Yet here is the odd thing. As he howls at yet another professional slight, or lashes out at a revered member of the arts community who has died – Harold Pinter, Pat Kavanagh, Ian Richardson all get the treatment – there is something strangely cheering and life-affirming about it all. For me, Lewis's comically demented rage is worth any number of warm-hearted comedies.

Let's consign them to history

Responding to a complaint by Andrew Davies that the BBC is downgrading historical dramas, a BBC spokesman has conceded that Dickens is indeed being "rested".

Trollope has turned out to be rather expensive, and there is a general feeling that the Austen franchise has been rather over-exploited since Colin Firth and Jennifer Ehle starred in Pride and Prejudice. What excellent news this is. Davies may say plaintively that "people like bonnets", but for too long mainstream drama has been slipping into the comforting world of the past. It is time for writers and directors to find more of their inspiration from the strange, alarming times through which we are living.

React Now

Latest stories from i100
Have you tried new the Independent Digital Edition apps?
iJobs Job Widget
iJobs General

Recruitment Genius: Business Analyst - 12 Month FTC - Entry Level

£23000 - £27000 per annum: Recruitment Genius: A Business Analyst is required ...

Recruitment Genius: Chefs - All Levels

£16000 - £23000 per annum: Recruitment Genius: To succeed, you will need to ha...

Recruitment Genius: Maintenance Engineer

£8 per hour: Recruitment Genius: This is an opportunity to join an award winni...

Recruitment Genius: Telesales Executive & Customer Service - Call Centre Jobs!

£7 - £9 per hour: Recruitment Genius: Are you outgoing? Do you want to work in...

Day In a Page

Read Next
Liz Kendall on the BBC  

Labour leadership: Being childless makes a person no less qualified for the job of being prime minister

Jane Merrick
 

I spent six years trying to recover from the bulimia I developed as a fifteen year old - with earlier intervention it all could have been avoided

Morwenna Jones
Greece debt crisis: EU 'family' needs to forgive rather than punish an impoverished state

EU 'family' needs to forgive rather than punish an impoverished state

An outbreak of malaria in Greece four years ago helps us understand the crisis, says Robert Fisk
Gaza, a year on from Operation Protective Edge: The traumatised kibbutz on Israel's front line, still recovering from last summer's war with Hamas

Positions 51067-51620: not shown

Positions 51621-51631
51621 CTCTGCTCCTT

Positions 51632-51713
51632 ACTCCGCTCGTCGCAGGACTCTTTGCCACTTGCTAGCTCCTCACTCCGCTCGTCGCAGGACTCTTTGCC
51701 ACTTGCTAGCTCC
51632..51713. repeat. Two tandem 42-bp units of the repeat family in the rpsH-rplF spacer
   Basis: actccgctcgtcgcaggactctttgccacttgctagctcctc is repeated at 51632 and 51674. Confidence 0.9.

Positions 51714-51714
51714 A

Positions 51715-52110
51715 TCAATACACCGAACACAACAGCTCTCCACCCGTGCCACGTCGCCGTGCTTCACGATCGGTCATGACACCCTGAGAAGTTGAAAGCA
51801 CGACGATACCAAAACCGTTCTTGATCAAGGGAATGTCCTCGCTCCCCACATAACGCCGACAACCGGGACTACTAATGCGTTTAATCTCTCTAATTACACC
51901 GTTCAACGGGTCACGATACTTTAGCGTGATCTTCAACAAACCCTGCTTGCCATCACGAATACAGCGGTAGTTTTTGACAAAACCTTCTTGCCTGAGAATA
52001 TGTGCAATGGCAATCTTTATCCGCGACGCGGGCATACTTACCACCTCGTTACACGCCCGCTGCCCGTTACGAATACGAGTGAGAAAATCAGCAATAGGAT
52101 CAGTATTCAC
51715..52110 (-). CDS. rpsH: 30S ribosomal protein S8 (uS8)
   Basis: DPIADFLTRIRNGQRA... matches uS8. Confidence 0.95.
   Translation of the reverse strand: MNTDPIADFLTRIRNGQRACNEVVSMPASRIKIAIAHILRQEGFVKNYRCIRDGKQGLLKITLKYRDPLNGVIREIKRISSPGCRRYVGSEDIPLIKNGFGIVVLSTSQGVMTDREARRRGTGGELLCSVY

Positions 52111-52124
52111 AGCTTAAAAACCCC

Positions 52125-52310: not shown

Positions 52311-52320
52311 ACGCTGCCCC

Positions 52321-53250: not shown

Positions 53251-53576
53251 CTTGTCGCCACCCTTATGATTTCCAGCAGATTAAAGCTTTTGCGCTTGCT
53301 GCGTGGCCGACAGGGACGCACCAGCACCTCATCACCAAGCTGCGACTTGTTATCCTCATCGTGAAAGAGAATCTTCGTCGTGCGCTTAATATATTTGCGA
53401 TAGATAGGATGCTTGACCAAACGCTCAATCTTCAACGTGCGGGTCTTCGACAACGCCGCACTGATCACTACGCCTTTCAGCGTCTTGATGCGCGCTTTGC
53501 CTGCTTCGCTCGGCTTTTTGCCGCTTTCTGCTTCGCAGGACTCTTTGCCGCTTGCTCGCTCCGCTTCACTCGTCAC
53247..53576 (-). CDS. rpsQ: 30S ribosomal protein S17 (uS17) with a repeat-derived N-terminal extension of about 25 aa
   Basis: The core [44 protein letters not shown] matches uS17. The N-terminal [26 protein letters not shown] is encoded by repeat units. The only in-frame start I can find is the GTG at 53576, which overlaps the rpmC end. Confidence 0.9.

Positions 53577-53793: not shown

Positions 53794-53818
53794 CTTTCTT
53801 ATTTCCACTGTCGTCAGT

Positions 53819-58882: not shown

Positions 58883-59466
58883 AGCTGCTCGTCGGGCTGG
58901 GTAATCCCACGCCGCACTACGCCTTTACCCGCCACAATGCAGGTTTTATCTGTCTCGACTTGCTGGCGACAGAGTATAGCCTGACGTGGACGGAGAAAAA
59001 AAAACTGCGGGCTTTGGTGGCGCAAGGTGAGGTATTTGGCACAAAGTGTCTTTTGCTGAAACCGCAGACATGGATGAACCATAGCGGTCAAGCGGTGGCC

Gaza, a year on from Operation Protective Edge

The traumatised kibbutz on Israel's front line, still recovering from last summer's war with Hamas
How to survive electrical storms: What are the chances of being hit by lightning?

Heavy weather

What are the chances of being hit by lightning?
World Bodypainting Festival 2015: Bizarre and brilliant photos celebrate 'the body as art'

World Bodypainting Festival 2015

Bizarre and brilliant photos celebrate 'the body as art'
alt-j: A private jet, a Mercury Prize and Latitude headliners

Don't call us nerds

Craig Mclean meets alt-j - the math-folk act who are flying high
How to find gold: The Californian badlands, digging out crevasses and sifting sludge

How to find gold

Steve Boggan finds himself in the Californian badlands, digging out crevasses and sifting sludge
Singing accents: From Herman's Hermits and David Bowie to Alesha Dixon

Not born in the USA

Lay off Alesha Dixon: songs sound better in US accents, even our national anthem
10 best balsamic vinegars

10 best balsamic vinegars

Drizzle it over salad, enjoy it with ciabatta, marinate vegetables, or use it to add depth to a sauce - this versatile staple is a cook's best friend
Wimbledon 2015: Brief glimpses of the old Venus but Williams sisters' epic wars belong to history

Brief glimpses of the old Venus but Williams sisters' epic wars belong to history

Serena dispatched her elder sister 6-4, 6-3 in eight minutes more than an hour
Greece says 'No': A night of huge celebrations in Athens as voters decisively back Tsipras and his anti-austerity stance in historic referendum

Greece referendum

Greeks say 'No' to austerity and plunge Europe into crisis
Ten years after the 7/7 terror attacks, is Britain an altered state?

7/7 bombings anniversary

Ten years after the terror attacks, is Britain an altered state?
Beautiful evening dresses are some of the loveliest Donatella has created

Versace haute couture review

Beautiful evening dresses are some of the loveliest Donatella has ever created
No hope and no jobs, so Gaza's young risk their lives, climb the fence and run for it

No hope and no jobs in Gaza

So the young risk their lives and run for it
Fashion apps: Retailers roll together shopping and social networking for mobile customers

Fashion apps

Retailers roll together shopping and social networking for mobile customers
The Greek referendum exposes a gaping hole at the heart of the European Union – its distinct lack of any genuine popular legitimacy

Gaping hole at the heart of the European Union

Treatment of Greece has shown up a lack of genuine legitimacy